Nov. 22: Miss Hope Springs

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Miss Hope Springs

November 22 at 7:00 pm

The Crazy Coqs
20 Sherwood St., London, U.K.
020 7734 4888

Miss-Hope-Springs-Cabaret-Scenes-Magazine_212Here’s Helen Theophanous’ review of Hope’s recent show:

It is not surprising that Miss Hope Springs was one of three acts shortlisted for best Musical Variety Act in the 2015 London Cabaret Awards. To write exceptionally good songs, arrange them and play the piano would be talent enough, but to create a complete repertoire for a fictitious character to sing and relate them to that character’s life is a touch of genius. This is not an impersonation but a credible character created by and acted by someone uniquely multi-talented. Dustin Hoffman’s “Tootsie” comes to mind as a character created to show her talent as a performer.

Entering the Hippodrome Casino through the brightly-lit buzzing gaming room where once the audience sat in what used to be the famous Talk of the Town cabaret venue, one cannot help noticing the ornate proscenium, thankfully preserved, and imagining in the mind’s eye the list of international stars who trod those boards to tumultuous applause night after night. It’s a fitting venue for Miss Hope Springs to reminisce on her showgirl days at the Pink Pelican in Las Vegas. The Matcham Room stage, cleverly fashioned as a mezzanine behind the famed theater arch, retains the magic of the original theater, but with a more intimate nightclub atmosphere.

The pre-show music took us back to the fifties and set the scene for the stunning entrance of Miss Hope Springs, the tall, glamorous ex-Vegas showgirl in her white sparkling pant suit and bouffant blonde hair. She stood center stage singing with her band, to a subtly augmented orchestrated pre-recorded track, gently drawing the attention of her audience with the touching “I Wish the World Would Sing One Song,” entreating the world to find some common ground. It’s an anthem for peace which had the audience swaying in complete sympathy as she moved to the piano stool to play with her onstage rhythm section for the final chorus.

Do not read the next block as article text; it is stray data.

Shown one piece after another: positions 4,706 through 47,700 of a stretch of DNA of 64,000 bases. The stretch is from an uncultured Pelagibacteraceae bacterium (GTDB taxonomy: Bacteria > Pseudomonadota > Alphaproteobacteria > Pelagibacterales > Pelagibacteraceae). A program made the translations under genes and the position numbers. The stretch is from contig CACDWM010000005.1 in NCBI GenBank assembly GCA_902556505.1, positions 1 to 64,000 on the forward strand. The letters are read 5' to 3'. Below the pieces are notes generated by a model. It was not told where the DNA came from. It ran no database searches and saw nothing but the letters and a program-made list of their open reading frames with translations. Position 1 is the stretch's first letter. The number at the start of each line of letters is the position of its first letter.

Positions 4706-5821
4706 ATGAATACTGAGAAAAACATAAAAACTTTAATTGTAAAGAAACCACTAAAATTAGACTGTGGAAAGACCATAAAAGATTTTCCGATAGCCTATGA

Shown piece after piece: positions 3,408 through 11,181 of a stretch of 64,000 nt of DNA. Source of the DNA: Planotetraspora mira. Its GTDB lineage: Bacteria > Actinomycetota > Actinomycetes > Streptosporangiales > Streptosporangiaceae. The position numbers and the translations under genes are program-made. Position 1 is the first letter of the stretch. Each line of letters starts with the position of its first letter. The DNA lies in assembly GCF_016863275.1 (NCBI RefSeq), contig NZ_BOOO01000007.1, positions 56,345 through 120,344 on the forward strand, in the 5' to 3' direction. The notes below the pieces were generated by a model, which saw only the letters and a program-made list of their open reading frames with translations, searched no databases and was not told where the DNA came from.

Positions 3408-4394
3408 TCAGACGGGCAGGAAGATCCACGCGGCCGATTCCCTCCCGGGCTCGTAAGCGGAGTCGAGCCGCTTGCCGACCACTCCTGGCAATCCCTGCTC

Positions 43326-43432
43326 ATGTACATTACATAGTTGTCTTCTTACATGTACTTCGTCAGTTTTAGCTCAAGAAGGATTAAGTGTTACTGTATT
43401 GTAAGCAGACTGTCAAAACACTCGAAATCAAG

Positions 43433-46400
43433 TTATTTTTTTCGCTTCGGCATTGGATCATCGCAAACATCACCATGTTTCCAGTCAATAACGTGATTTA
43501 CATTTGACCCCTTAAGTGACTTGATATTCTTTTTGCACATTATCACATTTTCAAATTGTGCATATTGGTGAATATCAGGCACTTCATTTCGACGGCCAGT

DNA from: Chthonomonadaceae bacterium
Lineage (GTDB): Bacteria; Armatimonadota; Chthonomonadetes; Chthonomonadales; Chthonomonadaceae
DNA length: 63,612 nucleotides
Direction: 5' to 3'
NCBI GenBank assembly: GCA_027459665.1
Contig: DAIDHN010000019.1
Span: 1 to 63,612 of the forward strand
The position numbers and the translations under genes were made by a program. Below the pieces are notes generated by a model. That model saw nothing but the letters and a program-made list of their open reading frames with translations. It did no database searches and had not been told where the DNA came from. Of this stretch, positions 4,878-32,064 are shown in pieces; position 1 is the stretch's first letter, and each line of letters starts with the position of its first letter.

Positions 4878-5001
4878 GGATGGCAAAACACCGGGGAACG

Following a humorous and endearing introduction to her world and her fascination since childhood with the bright lights of Vegas…(seen from her trailer, and her first date in a casino), Miss Hope continued at the piano with the melancholy “Casino,” harking back to a 1920s Irving Berlin jazz feel, its syncopated off-beat rhythm revealing that life is a gamble: “…one more spin, one final throw, but settle your debts before you go.” Life, it seems, does not always fulfill its promise. “Hometown Girl” tells the story of the ever hopeful girl attracted by the bright lights, but with no way home. This 1970s Billy Joel vibe was poignantly portrayed by Miss Hope at the piano with a back projection on the curtains of a be-feathered showgirl slowly swirling round in a misty half light. Maybe the young Miss Hope in her heyday: “she came alive when the lights were bright”; her lovely vocals and this glimpse into her past drawing us ever closer to this endearing character.

The conversation with the audience after this song, as in all the conversation interludes, is witty and pithy, perfectly timed, with engaging, clever, self-deprecating humor painting the picture of a life of promise sadly falling short of expectations. First husband Gianfranco “The Hook” Stamponides was “in pest control.

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” Second ex-husband Irving’s entreaties to start over being met with the bluesy “Nothing For You,” yet another beautifully crafted song performed standing in the spotlight, a singer communicating directly with the audience in the style of Liza Minnelli singing Aznavour. The hilarious anecdote of a film career, ending up on the cutting room floor, concludes with the audience joining in with the funky “Funny”: “…funny how things work out,” with a great bass solo from Mike Higgins and a dazzling drum solo from Sam Glasson, Miss Hope’s “hot jazz combo” firmly stating their jazz credentials.

It is fascinating that, unlike other gender illusionists, the character of Miss Hope Springs created by Ty Jeffries, son of British character actor Lionel Jeffries (Chitty Chitty Bang Bang, Camelot, Notorious Landlady), is a controlled portrayal, the gentleness and stillness in her face enlivened by the judicious use of glances from a pair of beacon-like eyes reminiscent of the Golden Age of Hollywood actresses. Possibly this is given authority by Jeffries’s first-hand experience having spent his formative years in Hollywood when his father was there making movies. This is a well-crafted, believable character portrayed by an actor of great skill using minimal gestures to enhance a point. The songs are all his original lyrics and music, and although written for Miss Hope Springs, they stand alone as songs any performer would be proud to sing. Of course, the composer Ty Jeffries is a classically trained musician who was once signed to Elton John’s Rocket Music as a songwriter.